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Available Tree Species

Note: evergreens should not be planted close to walkways, streets, or buildings because of their broad base that will become an obstruction as the tree matures. The City of Edmonton no longer plants spruce or pine on residential boulevards for this reason.

American basswood (Linden) – Tilia americana

  • Maximum height 20m 
  • Spread 12m 
  • Large shade tree 
  • Moderate growth rate 
  • Fragrant yellow flowers

American elm – Ulmus americana

  • Mature height 30m 
  • Spread 15-25m 
  • Ideal for street tree plantings, and is an excellent shade tree 
  • High-headed, upright spreading tree with an umbrella shape 
  • Drought tolerant 
  • ‘Brandon Elm' cultivar is dense compact crown in a vase shape 

Amur cherry – Prunus maackii

  • Mature height 15m 
  • Prefers a well-drained site
  • Susceptible to winter injury, requires a sheltered location
  • Distinct reddish bark with white spring flowers
  • Vulnerable to fungal disease

Amur maple – Acer ginnala

  • Mature height 5m 
  • Spread 5m 
  • Adapts to a wide range of soil and pH levels 
  • Low-headed ornamental 
  • Beautiful fall foliage colour 

Bur oak – Quercus macrocarpa

  • Mature height 15-20m 
  • Spread 10m 
  • High-headed shade tree 
  • Corky branches and lobed leaves 
  • Slow growing makes it a good boulevard tree 
  • Drought and salt tolerant 

Colorado spruce – Picea pungens

  • Maximum height 12m 
  • Maximum branch spread 5m 
  • Blue or green colour 
  • Rigid needles 
  • Symmetrical shape 

European mountain ash – Sorbus aucuparia

  • Mature height 8m 
  • Spread 6m 
  • Showy orange-red fruit that attracts birds 
  • It can be either single stemmed or multi-stemmed 
  • Not good by walkways or on boulevards 
  • Susceptible to fire blight 
  • ‘Rossica' (Russian) cultivar is a small ornamental variety; dense crown; fast growing 

Green ash – Fraxinus pennsylvanica

  • All listed are seedless cultivar varieties 
  • Maximum height 18m 
  • Spread is 7m 
  • Has glossy green foliage 
  • Fast-growing 
  • Adapts well to compact places 
  • ‘Patmore' cultivar has an oval shaped crown 
  • 'Prairies Spire' (‘Ruby') cultivar has a narrower upright growth habit 
  • ‘Summit' cultivar has a golden fall colour 
  • ‘Bergeson' cultivar is fast growing with an upright growth habit 
  • ‘Foothills' cultivar is an excellent street tree 

Ivory silk Japanese lilac – Syringa reticulate ‘Ivory Silk'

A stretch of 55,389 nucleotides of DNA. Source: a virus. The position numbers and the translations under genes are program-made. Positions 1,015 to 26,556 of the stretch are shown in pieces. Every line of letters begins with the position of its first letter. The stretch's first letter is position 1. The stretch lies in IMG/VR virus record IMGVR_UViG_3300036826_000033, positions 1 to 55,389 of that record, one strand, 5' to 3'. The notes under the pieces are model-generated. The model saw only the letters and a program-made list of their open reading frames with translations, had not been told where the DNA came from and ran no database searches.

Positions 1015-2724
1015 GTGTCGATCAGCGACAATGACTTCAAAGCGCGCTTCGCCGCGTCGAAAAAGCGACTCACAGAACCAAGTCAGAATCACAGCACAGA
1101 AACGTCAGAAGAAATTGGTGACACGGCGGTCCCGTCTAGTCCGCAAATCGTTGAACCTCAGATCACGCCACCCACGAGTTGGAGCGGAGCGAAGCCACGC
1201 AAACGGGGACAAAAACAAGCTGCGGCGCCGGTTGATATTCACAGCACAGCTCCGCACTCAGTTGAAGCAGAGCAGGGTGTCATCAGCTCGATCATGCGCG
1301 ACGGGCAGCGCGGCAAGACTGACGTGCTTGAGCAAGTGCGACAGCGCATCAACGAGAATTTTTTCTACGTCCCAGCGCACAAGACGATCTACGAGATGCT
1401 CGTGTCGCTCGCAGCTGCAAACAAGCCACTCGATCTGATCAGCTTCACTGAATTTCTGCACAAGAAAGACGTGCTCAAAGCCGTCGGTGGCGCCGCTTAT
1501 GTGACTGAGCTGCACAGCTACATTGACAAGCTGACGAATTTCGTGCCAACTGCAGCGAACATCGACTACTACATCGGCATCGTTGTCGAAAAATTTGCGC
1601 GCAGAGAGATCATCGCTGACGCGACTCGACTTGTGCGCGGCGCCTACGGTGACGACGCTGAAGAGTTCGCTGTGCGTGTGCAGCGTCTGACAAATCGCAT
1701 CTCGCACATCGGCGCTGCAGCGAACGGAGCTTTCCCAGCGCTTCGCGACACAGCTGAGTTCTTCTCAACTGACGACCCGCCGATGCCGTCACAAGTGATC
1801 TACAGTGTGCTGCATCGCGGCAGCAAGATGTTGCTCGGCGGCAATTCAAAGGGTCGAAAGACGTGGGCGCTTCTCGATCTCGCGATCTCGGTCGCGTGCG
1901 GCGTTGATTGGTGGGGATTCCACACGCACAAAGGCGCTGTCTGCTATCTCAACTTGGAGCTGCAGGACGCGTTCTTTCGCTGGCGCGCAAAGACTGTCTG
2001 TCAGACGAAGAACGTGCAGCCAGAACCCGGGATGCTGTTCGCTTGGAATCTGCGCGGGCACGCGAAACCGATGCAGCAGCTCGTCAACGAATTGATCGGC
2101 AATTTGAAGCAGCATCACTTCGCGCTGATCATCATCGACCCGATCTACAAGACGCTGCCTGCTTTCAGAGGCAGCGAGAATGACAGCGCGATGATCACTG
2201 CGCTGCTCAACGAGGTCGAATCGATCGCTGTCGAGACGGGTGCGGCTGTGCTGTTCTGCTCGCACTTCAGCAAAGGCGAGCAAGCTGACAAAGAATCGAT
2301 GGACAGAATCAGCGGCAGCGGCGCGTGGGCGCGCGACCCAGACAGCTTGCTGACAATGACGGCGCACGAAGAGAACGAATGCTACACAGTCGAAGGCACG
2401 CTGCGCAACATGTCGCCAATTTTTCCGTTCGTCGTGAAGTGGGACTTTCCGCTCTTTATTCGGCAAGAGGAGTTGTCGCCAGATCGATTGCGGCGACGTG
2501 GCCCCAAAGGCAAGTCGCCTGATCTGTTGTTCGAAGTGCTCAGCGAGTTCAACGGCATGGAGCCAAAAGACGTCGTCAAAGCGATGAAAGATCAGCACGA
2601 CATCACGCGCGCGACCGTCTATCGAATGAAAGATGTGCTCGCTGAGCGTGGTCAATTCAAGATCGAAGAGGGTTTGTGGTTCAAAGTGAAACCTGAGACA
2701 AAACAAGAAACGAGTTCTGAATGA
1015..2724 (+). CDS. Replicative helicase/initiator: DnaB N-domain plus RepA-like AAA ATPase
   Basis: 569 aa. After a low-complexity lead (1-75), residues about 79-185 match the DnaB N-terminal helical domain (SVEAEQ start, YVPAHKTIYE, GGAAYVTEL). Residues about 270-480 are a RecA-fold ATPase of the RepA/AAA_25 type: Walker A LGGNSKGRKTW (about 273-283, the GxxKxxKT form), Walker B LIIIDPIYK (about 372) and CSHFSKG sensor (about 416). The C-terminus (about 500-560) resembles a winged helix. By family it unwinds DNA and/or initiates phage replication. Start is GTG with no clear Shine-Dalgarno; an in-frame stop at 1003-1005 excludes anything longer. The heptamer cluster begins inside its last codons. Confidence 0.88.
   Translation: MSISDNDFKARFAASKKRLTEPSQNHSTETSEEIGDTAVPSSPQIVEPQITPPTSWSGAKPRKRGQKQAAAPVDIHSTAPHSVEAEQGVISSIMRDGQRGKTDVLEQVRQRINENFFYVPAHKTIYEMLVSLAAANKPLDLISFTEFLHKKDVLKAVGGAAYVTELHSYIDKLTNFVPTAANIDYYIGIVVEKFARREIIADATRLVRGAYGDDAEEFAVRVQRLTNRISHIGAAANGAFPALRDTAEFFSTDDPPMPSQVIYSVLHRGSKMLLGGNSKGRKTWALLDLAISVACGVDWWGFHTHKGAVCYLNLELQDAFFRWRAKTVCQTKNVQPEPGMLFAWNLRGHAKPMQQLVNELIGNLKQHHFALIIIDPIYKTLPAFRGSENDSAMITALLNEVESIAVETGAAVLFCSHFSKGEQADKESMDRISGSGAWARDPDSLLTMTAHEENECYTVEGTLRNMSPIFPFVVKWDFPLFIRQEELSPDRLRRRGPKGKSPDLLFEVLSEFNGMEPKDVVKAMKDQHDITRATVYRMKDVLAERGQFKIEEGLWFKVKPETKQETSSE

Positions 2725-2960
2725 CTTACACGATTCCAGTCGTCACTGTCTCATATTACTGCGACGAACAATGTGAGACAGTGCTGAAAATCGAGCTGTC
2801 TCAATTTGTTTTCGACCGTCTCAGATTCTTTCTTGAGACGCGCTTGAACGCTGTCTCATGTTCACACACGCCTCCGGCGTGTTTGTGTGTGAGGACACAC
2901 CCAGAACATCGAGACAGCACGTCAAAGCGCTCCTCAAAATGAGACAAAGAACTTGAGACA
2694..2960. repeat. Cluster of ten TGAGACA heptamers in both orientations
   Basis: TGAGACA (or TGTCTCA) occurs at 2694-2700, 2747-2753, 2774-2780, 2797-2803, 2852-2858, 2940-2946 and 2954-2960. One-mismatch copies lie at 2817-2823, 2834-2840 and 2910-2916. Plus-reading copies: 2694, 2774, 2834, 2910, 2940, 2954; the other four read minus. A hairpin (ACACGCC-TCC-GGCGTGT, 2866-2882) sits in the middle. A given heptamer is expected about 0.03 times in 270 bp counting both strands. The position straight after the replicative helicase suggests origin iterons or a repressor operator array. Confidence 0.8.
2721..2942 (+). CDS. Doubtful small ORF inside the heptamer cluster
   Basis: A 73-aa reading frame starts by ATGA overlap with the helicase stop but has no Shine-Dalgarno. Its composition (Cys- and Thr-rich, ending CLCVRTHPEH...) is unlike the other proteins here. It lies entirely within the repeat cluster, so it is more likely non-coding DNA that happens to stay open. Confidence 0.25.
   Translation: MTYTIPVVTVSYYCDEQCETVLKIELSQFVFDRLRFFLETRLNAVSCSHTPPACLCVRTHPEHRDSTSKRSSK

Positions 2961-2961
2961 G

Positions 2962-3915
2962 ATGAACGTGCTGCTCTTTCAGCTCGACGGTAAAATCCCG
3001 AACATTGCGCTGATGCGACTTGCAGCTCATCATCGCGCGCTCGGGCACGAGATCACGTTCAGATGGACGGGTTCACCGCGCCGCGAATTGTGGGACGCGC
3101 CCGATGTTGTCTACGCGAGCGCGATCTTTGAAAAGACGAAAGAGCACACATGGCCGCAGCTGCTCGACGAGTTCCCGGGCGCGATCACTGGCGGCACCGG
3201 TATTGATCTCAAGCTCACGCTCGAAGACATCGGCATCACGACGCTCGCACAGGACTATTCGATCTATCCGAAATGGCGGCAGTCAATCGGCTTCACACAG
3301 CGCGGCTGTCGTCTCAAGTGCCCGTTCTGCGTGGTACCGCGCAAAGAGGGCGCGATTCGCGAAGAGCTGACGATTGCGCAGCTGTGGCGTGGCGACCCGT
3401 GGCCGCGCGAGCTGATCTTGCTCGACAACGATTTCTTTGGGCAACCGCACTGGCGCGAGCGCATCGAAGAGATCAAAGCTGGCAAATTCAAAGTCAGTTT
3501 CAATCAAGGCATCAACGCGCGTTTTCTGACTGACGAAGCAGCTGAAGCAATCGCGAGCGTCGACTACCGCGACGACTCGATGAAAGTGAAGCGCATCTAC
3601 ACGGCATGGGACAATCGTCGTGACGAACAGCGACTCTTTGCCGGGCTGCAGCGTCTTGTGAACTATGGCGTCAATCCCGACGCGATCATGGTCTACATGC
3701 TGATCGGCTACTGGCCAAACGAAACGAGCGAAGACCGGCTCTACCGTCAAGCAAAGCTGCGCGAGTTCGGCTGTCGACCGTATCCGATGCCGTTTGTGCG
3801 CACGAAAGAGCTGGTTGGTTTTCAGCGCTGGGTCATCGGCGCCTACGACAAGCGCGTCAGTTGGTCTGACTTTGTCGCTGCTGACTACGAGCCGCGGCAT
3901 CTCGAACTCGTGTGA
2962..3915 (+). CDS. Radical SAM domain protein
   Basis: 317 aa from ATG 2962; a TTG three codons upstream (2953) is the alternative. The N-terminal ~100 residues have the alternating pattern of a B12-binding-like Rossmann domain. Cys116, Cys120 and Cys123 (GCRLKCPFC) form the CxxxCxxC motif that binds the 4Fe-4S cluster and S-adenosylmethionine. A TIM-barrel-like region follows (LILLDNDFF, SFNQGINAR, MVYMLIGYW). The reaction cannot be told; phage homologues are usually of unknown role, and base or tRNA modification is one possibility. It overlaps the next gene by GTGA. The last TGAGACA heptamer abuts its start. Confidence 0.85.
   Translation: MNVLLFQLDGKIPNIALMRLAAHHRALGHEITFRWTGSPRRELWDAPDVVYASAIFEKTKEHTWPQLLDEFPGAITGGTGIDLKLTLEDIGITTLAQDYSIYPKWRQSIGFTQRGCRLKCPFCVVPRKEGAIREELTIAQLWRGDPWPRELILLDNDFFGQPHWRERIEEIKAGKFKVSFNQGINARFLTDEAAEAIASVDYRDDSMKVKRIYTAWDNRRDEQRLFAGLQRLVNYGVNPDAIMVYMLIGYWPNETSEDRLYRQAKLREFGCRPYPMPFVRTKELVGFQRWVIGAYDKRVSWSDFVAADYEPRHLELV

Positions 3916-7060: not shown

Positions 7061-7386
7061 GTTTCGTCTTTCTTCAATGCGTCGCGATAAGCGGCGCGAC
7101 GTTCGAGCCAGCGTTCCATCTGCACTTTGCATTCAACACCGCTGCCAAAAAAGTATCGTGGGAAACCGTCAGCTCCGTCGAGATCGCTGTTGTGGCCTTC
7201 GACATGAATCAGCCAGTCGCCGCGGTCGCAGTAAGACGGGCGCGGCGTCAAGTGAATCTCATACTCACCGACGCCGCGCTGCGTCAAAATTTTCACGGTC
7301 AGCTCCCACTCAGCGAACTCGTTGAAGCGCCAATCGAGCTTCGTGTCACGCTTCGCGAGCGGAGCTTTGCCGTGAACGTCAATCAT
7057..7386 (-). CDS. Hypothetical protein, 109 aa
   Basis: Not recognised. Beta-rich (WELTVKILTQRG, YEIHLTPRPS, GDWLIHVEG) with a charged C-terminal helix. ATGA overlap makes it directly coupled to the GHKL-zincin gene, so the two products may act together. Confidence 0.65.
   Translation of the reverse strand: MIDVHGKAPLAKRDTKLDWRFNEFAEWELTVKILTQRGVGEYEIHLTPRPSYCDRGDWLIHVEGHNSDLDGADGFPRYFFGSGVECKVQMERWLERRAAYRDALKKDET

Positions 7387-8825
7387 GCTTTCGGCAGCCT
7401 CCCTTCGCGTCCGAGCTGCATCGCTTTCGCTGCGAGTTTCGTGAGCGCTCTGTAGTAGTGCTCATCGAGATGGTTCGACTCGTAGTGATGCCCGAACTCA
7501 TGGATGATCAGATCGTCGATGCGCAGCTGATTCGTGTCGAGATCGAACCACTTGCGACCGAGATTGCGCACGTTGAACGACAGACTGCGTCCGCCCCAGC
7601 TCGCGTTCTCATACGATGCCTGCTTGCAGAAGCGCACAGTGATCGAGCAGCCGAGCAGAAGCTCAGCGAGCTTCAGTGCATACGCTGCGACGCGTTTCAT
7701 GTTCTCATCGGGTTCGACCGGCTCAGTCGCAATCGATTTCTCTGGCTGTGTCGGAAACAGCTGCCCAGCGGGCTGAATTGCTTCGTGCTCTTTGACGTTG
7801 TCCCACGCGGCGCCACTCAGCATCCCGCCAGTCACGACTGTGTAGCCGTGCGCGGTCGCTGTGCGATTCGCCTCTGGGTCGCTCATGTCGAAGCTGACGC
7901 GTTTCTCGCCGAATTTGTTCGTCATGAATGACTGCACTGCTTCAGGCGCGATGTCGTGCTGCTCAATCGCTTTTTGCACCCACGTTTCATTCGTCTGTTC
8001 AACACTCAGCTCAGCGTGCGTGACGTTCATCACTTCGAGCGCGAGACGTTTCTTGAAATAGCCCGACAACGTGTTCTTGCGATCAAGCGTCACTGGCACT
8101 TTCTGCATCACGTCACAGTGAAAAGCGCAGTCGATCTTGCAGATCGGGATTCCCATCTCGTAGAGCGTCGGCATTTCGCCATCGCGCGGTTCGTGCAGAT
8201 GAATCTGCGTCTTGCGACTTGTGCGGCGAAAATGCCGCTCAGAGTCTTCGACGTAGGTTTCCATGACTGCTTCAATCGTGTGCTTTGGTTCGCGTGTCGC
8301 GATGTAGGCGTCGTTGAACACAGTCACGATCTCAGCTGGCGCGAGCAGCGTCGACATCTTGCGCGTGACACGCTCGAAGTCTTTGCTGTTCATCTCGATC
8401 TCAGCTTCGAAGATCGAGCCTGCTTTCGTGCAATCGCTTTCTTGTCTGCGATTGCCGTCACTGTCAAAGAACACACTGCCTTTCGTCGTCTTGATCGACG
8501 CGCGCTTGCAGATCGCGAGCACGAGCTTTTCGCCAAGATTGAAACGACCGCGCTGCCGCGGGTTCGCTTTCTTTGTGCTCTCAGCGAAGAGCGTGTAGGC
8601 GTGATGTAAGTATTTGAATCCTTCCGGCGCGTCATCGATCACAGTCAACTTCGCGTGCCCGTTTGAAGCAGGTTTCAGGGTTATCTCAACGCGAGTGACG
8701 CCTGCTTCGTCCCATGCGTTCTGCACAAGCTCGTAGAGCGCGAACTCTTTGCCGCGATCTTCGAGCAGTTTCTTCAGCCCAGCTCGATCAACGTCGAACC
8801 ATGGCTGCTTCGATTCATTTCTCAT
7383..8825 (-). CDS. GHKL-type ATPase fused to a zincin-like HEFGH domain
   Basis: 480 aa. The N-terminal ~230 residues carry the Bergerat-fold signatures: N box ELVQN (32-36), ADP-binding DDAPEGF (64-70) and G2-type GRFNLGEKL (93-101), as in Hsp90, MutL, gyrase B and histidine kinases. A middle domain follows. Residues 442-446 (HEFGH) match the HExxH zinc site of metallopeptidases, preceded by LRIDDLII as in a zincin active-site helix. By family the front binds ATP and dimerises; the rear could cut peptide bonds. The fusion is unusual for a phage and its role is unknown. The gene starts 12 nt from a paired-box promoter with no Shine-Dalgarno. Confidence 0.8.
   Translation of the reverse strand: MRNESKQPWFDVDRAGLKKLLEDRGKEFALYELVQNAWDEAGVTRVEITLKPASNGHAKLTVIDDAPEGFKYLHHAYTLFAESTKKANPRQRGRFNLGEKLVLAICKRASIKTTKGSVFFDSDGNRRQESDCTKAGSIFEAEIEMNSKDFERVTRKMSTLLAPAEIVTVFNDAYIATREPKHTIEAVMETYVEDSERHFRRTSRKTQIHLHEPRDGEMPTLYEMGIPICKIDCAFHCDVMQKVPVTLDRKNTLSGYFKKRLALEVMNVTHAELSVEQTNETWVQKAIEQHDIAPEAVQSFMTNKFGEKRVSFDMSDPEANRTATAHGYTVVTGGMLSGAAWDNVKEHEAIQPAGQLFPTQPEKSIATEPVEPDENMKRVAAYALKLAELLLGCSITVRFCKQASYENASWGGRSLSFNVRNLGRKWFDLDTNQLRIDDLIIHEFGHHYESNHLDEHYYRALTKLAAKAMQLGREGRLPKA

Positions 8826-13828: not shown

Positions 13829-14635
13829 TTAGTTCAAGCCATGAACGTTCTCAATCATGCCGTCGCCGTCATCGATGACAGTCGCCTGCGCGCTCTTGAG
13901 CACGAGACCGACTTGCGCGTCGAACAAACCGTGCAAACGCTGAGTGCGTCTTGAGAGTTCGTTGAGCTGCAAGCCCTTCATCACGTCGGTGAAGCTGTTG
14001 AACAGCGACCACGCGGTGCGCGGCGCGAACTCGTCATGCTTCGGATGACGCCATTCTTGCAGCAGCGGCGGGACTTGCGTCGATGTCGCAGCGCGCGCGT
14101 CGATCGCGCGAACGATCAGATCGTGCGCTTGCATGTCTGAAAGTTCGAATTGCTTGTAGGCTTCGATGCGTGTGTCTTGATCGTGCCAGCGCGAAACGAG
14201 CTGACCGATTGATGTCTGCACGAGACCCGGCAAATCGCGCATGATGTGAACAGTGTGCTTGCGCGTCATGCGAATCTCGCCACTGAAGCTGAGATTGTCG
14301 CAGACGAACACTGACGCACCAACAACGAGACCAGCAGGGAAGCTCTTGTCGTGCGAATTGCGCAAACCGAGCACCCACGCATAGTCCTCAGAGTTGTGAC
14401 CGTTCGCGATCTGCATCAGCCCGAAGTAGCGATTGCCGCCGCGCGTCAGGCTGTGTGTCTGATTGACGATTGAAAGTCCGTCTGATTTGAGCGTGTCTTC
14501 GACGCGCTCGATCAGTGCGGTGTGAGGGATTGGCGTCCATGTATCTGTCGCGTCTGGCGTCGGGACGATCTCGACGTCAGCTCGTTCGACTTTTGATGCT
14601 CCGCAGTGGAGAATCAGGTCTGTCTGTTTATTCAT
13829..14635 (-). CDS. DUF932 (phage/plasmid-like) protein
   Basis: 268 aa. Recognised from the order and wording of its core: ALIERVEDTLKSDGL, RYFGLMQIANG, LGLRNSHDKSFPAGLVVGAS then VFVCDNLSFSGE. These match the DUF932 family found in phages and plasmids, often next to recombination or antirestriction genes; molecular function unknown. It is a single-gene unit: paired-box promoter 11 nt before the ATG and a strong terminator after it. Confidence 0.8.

• Maximum height 8m 
  • Spread 6m 
  • Cream coloured flowers 
  • Dense canopy 
  • Bark is a deep brown that resembles a cherry 

Laurel-leaf willow –  Salix pentandra

  • Maximum height 15m 
  • Spread 15m 
  • Distinct yellow bark 
  • Large spreading crown 
  • Dark glossy green foliage 

Little leaf linden – Tilia cordata

  • Maximum height 15m 
  • Spread 10m 
  • Excellent shade tree 
  • Suited for urban planting 
  • Fragrant yellow flowers 
  • ‘Dropmore' hybrid has a dense pyramidal shape: Little Leaf Linden crossed with Basswood

Lodgepole pine –  Pinus contorta  var.  latifolia

  • Maximum height 25m 
  • Tall and narrow form (4m spread) 
  • Not commonly used for landscaping purposes 
  • Cones remain on branches for many years 
  • Alberta's provincial tree 

Morden hawthorn – Crataegus  x  mordenensis ‘Toba' 

  • Mature height 4m 
  • Spread 3m 
  • Glossy dark green foliage 
  • Light pink flower clusters 
  • Has some thorns 

Ohio buckeye–  Aesculus glabra

  • Mature height 12m 
  • Form is low-headed and has a dense canopy 
  • Palmate leaf with the leaflets about 10-15cm long 
  • It is fully hardy and slow growing 
  • Light orange fall colour 

Russian olive – Elaeagnus angustifolia **Difficult to find** 

  • Mature height 7m 
  • Spread 7m 
  • Has grey foliage 
  • Very fragrant yellow flowers 
  • Drought and salt tolerant

Scots pine –  Pinus sylvestris

  • Maximum height 15m 
  • Maximum branch spread 8m 
  • Rapid growth 
  • Orange-brown bark 
  • Great for the urban landscape 

Siberian larch –  Larix sibirica

  • Maximum size 30m 
  • Form is a broad pyramid (15m spread) 
  • Needles are soft and turn bright yellow in the fall 
  • Adapts to dry sites and is fully hardy 
  • Good landscape tree 

Swiss stone pine – Pinus cembra

  • Maximum height 10m
  • Maximum branch spread 3m
  • Symmetrical shape

White spruce – Picea glauca

  • Mature size 15m 
  • Spread 5m 
  • Hardy native tree 
  • Needles are softer than the Colorado spruce 
  • Prefers sites with more available moisture than the Colorado spruce 

Note: Species selection is not restricted to the above list.

For More Information

311 Contact Centre

Online Contact 311 Online

In Edmonton: 311
Outside Edmonton: 780-442-5311

TTY 780-944-5555

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